by
Ben Lindbergh and Sam Miller

08-22

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4

BP Unfiltered: Hit Home Run, Eat Ice Cream
by
Ben Lindbergh

08-20

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3

BP Daily Podcast: Effectively Wild Episode 24: The Rays Are Rolling/Assessing the Angels' Strange Season
by
Ben Lindbergh and Sam Miller

08-03

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2

BP Unfiltered: Joe Maddon Says "Sabermetrics Rule"
by
Ben Lindbergh

07-09

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1

What You Need to Know: Monday, July 9
by
Daniel Rathman

06-19

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11

Overthinking It: The Cincinnati Reds and the Benefits of Being Homegrown
by
Ben Lindbergh

05-16

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28

Overthinking It: Brett Lawrie Was Framed
by
Ben Lindbergh

04-28

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2

BP Unfiltered: Baseball Prospectus Day at Tropicana Field - May 5, 2012
by
Joe Hamrahi

04-17

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2

Prospectus Game of the Week: Tampa Bay Rays at Boston Red Sox, April 14
by
Adam Sobsey

04-07

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5

Inside The Park Blog: It Is Never Too Early To Strategize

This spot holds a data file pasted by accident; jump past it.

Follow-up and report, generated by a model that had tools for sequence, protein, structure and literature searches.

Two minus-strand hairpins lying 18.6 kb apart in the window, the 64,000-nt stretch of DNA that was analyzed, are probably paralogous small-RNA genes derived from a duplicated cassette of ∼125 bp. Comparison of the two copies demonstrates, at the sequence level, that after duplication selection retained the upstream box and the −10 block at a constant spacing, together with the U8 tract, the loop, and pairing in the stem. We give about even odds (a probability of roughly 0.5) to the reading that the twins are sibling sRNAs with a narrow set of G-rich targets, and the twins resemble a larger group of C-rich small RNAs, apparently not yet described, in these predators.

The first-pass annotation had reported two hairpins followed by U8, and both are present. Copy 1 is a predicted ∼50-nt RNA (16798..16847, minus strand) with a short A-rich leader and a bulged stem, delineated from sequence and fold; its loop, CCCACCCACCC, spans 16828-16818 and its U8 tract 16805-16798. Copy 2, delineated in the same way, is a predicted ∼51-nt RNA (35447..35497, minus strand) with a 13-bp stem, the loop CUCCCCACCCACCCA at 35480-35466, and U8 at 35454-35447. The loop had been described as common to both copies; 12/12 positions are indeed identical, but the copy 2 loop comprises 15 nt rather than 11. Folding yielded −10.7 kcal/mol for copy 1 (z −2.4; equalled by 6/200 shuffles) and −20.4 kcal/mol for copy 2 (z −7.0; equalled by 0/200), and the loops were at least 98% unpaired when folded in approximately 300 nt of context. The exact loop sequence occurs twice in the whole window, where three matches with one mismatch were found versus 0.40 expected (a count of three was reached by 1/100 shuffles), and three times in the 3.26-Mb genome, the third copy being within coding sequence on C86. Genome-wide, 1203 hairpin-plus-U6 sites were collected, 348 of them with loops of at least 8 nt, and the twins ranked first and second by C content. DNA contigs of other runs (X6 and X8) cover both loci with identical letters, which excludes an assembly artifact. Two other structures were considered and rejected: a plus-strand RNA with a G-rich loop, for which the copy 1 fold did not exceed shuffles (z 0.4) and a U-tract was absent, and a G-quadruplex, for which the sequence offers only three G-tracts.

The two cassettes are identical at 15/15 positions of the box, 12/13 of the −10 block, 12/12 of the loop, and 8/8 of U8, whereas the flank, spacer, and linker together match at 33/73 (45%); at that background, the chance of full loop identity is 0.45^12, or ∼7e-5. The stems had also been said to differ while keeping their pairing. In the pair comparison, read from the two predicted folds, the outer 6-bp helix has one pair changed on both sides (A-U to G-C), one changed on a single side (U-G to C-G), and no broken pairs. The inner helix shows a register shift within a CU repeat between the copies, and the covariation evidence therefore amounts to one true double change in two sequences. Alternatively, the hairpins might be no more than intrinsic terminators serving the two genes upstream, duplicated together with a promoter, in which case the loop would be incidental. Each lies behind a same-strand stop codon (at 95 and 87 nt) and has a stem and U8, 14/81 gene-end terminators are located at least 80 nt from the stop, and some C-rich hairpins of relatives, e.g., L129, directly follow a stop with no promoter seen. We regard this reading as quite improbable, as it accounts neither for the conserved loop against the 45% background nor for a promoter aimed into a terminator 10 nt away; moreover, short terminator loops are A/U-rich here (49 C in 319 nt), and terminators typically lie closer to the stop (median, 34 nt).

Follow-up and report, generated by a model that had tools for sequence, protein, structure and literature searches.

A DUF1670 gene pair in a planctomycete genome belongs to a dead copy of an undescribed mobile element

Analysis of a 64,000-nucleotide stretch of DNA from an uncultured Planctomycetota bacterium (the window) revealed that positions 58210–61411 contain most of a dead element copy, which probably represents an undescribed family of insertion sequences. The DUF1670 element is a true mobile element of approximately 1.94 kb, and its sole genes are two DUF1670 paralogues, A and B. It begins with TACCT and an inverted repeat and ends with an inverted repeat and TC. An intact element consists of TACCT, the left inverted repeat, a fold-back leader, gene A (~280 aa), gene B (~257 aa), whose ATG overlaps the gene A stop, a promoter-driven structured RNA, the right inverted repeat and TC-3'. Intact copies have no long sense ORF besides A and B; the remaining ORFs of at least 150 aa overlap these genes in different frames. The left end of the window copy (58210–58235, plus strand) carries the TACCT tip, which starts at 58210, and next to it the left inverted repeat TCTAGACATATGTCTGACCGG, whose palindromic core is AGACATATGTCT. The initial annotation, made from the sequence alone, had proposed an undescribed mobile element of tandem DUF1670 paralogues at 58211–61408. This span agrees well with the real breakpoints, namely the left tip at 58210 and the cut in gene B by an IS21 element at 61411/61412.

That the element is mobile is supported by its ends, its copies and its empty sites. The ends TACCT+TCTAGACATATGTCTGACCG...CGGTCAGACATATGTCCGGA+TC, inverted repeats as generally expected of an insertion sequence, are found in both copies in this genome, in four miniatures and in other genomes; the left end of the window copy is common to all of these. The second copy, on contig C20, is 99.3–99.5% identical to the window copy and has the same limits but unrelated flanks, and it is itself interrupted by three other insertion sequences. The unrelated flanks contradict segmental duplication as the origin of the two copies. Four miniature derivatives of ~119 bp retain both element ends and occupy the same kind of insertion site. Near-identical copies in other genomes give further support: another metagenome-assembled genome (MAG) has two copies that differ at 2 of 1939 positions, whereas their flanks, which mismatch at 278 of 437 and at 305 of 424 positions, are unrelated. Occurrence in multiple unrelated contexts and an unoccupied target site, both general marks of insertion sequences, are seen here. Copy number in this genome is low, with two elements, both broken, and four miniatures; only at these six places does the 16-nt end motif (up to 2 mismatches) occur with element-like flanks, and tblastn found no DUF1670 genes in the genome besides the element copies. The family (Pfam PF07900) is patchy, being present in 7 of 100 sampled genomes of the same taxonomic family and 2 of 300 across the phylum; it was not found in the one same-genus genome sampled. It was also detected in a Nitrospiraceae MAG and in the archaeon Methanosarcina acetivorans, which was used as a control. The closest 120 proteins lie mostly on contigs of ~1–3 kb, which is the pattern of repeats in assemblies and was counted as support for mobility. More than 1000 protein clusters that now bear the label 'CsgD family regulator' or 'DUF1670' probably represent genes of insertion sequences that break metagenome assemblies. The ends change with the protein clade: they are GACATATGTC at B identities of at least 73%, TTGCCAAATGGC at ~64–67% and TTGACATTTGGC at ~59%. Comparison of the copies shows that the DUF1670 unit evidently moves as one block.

by
Jason Collette

04-06

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5

Inside The Park Blog: Expectations High in Tampa Bay
by
Jason Collette

02-20

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19

Prospectus Preview: AL East 2012 Preseason Preview
by
R.J. Anderson and Jason Collette

02-06

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18

Prospectus Hit and Run: Beware of Falling Payrolls
by
Jay Jaffe

01-12

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22

Transaction Analysis: Off-Brand Bargains
by
Ben Lindbergh

10-05

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16

Kiss'Em Goodbye: Tampa Bay Rays
by
Ben Lindbergh, Kevin Goldstein and ESPN Insider

09-13

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2

Painting the Black: Rays of Hope?
by
R.J. Anderson

09-08

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4

The BP Wayback Machine: Incompetence
by
Joe Sheehan

05-26

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3

Transaction Analysis: Return of the Prodigal Sluggers
by
Ben Lindbergh

03-31

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42

Pre-Season Predictions
by
Baseball Prospectus